​A lot of shin splint problems originate with either over or under pronation when running. You can buy shoes to correct these issues, but first, you need to identify them.

Over Pronation / Under Pronation​

​If the foot striking the ground tilts inwards, the force is focused on the inside of the foot and ankle and this places undue strain on the knee and causes the hips to rotate, which destabilizes the core.

​The opposite of this, under pronation, sees the foot tilting outward which puts the stress on the outside of the knee and this inhibits the body’s natural shock absorbing ability. The ideal is to have a neutral gait, where the pressure is distributed evenly throughout the sole; this allows push off for the next cycle to come from all five toes.

​To determine the way that your lower leg absorbs the shock of the impact (your foot pronation), simply take a look at a pair of your shoes. If most of the wear is on the outside of the sole, then you are more than likely an under pronator.

​If the wear is more towards the inside of the sole, you are an over pronator. If the wear appears even, then you are likely to have a neutral running gait.

​You can also perform the ‘wet foot test’ to pinpoint your running gait. Step in some water in bare feet then stand on a piece of colored paper. Now analyze the mark left behind. You will be able to see clearly if you have raised arches (there will be no impression for the mid-foot), low arches (the impression of the entire foot will appear), or neutral arches (the impression curves naturally at the mid-foot).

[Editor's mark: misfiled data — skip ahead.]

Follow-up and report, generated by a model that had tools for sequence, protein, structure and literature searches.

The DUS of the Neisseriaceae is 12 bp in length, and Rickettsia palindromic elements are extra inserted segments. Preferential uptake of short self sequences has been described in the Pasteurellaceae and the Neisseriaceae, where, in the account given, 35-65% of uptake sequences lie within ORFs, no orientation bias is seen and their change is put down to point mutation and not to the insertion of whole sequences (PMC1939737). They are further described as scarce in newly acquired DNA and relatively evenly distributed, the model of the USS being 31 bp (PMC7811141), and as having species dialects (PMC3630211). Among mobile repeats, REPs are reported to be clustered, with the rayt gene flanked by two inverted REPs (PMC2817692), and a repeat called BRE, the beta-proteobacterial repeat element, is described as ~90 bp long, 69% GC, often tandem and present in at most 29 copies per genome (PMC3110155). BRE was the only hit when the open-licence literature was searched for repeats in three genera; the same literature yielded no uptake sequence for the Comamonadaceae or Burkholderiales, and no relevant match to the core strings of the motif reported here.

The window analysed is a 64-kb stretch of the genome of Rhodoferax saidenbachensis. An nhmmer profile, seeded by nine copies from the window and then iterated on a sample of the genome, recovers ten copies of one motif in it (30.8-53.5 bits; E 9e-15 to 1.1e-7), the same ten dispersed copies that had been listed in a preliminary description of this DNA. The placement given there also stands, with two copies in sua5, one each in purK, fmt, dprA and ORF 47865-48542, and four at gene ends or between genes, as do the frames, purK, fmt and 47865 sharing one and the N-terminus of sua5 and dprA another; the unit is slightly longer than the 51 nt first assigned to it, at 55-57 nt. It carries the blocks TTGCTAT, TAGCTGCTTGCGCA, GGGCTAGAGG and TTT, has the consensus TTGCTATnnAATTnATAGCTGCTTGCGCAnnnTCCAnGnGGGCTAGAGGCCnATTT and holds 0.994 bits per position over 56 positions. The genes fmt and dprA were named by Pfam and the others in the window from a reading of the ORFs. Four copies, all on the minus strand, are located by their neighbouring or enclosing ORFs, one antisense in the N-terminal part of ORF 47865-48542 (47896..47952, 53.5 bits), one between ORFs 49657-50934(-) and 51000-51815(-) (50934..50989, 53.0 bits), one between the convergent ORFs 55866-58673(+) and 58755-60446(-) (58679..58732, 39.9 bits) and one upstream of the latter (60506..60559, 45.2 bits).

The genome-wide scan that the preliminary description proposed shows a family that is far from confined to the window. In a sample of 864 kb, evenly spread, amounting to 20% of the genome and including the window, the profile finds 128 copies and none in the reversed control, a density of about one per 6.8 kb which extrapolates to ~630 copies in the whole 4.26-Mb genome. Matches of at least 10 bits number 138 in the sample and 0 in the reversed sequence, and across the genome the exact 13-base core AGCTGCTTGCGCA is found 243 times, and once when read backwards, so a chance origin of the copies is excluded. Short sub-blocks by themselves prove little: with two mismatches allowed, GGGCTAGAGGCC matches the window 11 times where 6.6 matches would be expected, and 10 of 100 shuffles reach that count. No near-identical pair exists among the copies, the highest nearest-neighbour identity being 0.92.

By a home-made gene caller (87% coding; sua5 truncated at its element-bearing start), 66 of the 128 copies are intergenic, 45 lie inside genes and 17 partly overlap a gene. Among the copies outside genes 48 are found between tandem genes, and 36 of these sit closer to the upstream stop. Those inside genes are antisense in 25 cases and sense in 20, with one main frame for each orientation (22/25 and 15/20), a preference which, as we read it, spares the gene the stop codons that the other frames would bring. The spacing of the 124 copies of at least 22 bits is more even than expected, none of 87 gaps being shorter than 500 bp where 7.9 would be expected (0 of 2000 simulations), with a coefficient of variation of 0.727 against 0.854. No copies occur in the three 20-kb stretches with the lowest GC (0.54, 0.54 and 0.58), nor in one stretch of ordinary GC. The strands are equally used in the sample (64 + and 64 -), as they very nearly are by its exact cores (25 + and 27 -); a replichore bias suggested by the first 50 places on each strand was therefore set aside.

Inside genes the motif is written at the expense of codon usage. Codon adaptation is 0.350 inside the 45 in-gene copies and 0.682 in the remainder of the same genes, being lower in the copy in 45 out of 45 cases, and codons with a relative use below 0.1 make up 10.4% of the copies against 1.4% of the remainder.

Raised arches are a sign that your feet under pronate. You may also have the tendency to run on your forefoot, and your foot does not pronate sufficiently. Low arches have a flatter foot due to the arch collapsing throughout the foot motion.

In order to develop a good training gait, you need to consider the type of shoes that you wear while running.

The most important requirement of your shoes is to get the right fit. To achieve this, you need to match your running shoe to your gait as follows:


Under Pronators – Cushioned shoes are designed for you. You tend to run on your toes and have a raised arch. The shoe is not big on stability, but it does provide softness and cushioning under foot.

Over Pronators – Control shoes are specifically designed for you. You have a flatter foot due to the arch collapsing through foot strike. The shoe is heavier and provides extra support and cushioning.

Neutral Gait – The shoe for you is called a “support” shoe. Support shoes combine cushioning with a lightweight shoe, and they tend to have extra support on the inner side of the shoe to reduce foot roll.

If you are going to go shopping for a new pair, don’t be overly swayed by the look and color of the shoe. After matching the type of shoe to your running gait, consider the following factors:​

  • Shoe Size – Allow half an inch from the front of the shoe to the end of your longest toe; this allows for the expansion of the foot that occurs when you run
  • Your Weight – The more you weigh, the more cushioning and support the foot requires
  • The Running Surface – If you will be running mainly on a paved road, you need a shallow and hard-wearing tread. Off road running demands deeper lugs for better grip
  • Foot Width – Do you have a broad or a narrow foot? Look for a shoe that goes beyond the standard D fitting, and is more tailored to your shape